The need for context in assessing the rationality of expectations was wonderfully described by Thomas Schelling in his classic analysis of cooperative games.

One may or may not agree with any particular hypothesis as to how a bargainer’s expectations are formed either in the bargaining process or before it and either by the bargaining itself or by other forces. But it does seem clear that the outcome of a bargaining process is to be described most immediately, most straightforwardly, and most empirically, in terms of some phenomenon of stable and convergent expectations. Whether one agrees explicitly to a bargain, or agrees tacitly, or accepts by default, he must if he has his wits about him, expect that he could do no better and recognize that the other party must reciprocate the feeling. Thus, the fact of an outcome, which is simply a coordinated choice, should be analytically characterized by the notion of convergent expectations.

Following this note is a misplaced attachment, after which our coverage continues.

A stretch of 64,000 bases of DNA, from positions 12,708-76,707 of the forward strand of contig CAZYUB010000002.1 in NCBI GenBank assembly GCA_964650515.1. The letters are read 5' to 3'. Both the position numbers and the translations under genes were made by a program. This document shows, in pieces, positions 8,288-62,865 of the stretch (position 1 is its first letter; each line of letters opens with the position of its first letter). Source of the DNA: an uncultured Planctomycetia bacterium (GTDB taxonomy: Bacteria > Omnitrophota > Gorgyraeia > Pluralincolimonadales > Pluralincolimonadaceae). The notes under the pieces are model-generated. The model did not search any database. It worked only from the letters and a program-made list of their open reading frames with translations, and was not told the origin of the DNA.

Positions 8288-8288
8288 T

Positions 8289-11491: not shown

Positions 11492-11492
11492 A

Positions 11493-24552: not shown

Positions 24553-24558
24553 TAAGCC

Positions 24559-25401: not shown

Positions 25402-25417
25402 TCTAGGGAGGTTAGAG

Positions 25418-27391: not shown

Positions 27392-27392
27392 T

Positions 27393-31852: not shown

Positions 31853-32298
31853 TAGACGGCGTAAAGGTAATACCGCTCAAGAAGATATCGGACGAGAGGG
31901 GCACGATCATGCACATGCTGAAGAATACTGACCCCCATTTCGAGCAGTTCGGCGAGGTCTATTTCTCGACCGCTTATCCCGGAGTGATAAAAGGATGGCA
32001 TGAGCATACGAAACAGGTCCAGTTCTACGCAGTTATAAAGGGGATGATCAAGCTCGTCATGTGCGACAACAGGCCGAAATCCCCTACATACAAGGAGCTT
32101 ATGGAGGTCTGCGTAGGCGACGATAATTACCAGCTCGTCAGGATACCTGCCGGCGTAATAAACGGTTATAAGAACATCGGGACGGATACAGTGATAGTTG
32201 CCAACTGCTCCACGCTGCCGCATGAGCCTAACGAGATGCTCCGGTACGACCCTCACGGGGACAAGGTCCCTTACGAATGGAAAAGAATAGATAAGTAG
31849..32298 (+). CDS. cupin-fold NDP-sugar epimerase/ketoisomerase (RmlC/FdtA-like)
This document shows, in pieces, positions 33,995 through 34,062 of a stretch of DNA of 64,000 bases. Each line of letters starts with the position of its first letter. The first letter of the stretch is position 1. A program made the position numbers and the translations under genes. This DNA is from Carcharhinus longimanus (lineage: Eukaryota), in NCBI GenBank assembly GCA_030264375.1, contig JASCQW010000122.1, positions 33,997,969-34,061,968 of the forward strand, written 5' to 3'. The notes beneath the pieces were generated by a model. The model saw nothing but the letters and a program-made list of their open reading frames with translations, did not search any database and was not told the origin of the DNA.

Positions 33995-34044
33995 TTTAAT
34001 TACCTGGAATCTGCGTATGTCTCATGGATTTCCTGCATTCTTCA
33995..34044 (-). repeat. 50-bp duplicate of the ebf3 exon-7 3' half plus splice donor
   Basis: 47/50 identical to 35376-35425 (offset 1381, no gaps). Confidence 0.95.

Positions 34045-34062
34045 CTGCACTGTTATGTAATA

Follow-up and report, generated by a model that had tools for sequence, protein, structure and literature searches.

The intuitive formulation, or even a careful formulation in psychological terms, of what it is that a rational player expects in relation to another rational player in the “pure” bargaining game, poses a problem in sheer scientific description. Both players, being rational, must recognize that the only kind of “rational” expectation they can have is a fully shared expectation of an outcome. It is not quite accurate – as a description of a psychological phenomenon – to say that one expects the second to concede something; the second’s readiness to concede or to accept is only an expression of what he expects the first to accept or to concede, which in turn is what he expects the first to expect the second to expect the first to expect, and so on. To avoid an “ad infinitum” in the description process, we have to say that both sense a shared expectation of an outcome; one’s expectation is a belief that both identify the outcome as being indicated by the situation, hence as virtually inevitable. Both players, in effect, accept a common authority – the power of the game to dictate its own solution through their intellectual capacity to perceive it – and what they “expect” is that they both perceive the same solution.